That is, you would never study under for example Tsongkhapa, who had several teachers, but eventually established his own version of Buddhism for what he couldn't provide any predecessors? And any teacher who have received only visionary-mental transmissions or claimed reincarnation of a once famous person are all out of question (e.g. Asanga, Tilopa, Jigme Lingpa)? Not that there were no other orthodox teachers of the time within established communities, still, many outstanding masters were special because they came up with a new way of teaching and did not follow the existing methods.
Tsongkhapa had several teachers from recognised lineages, who confirmed his qualification. That is enough. Same goes for Jigme Lingpa. I most definitely accept terma teachings, but I wouldn't accept such claims from just anyone. It's a person's qualification/degree of realization that need verifying, not the exact content of their teaching.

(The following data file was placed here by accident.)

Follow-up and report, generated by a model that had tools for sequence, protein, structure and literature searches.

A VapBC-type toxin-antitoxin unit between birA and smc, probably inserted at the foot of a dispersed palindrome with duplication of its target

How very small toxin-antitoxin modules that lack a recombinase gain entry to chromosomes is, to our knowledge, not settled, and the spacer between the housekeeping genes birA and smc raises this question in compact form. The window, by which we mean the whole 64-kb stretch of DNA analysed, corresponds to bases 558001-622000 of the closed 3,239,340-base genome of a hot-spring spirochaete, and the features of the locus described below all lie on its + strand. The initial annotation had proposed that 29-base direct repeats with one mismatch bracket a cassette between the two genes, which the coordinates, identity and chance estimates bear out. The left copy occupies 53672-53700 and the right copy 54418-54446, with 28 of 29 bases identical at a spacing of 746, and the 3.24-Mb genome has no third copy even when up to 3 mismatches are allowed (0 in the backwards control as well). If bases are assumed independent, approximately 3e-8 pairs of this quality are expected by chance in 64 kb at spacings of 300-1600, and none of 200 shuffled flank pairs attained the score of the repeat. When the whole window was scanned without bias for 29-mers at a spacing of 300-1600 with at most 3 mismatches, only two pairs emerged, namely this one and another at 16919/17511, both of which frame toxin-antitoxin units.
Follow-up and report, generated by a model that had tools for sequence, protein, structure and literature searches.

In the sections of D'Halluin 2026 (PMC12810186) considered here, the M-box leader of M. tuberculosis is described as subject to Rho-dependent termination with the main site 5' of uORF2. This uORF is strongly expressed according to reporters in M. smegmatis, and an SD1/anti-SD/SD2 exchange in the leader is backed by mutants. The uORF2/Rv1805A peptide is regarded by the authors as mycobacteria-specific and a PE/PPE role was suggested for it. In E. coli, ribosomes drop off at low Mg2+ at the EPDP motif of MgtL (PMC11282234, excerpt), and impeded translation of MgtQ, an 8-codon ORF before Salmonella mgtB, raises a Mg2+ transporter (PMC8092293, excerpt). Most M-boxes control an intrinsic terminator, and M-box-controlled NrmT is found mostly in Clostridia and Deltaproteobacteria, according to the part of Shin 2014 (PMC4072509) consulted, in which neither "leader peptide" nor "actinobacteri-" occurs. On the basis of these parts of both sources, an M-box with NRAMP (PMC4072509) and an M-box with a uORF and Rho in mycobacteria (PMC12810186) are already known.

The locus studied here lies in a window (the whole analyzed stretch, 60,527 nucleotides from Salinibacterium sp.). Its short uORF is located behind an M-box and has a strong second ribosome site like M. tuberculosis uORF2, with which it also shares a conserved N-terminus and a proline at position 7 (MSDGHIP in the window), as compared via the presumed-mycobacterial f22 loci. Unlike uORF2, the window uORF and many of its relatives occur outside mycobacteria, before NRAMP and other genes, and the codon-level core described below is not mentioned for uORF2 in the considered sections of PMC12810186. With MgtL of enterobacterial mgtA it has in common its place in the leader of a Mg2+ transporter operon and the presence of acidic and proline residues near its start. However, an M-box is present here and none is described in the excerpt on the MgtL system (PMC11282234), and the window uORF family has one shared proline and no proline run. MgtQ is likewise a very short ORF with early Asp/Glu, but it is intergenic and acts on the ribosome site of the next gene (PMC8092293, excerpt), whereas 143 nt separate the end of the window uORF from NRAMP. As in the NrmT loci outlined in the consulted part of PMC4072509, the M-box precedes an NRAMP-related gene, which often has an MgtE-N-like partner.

teacher that received (or, to be more correct, claimed to receive) exclusively visionary-mental transmissions would be approached by me with extreme caution, if approached at all.
Karma Dorje wrote:
What strikes me about this conversation with regards to power structures is that we are not stopping to consider whether democratic ideals themselves are simply a competing myth.
I am frankly not very impressed with democracy-- I am much more comfortable with monarchy. I don't believe that any fool without education should make decisions for the whole. I am much more comfortable with educated people, or in this case realized people, deciding for the community who best exemplifies the lineage.
Democracy can work pretty well in secular politics, but I doubt it can work in religion, because, frankly, democratically elected leaders tend to be horrible people. The more ruthless, two-faced and populist a person is, the more empty promises he makes, the more likely is he to get elected. In politics this is pretty much expected, and a system of checks and counterweights is in place to limit the abuses of power and force the elected leaders to take community interests into consideration. In spiritual matters, this is hardly sufficient.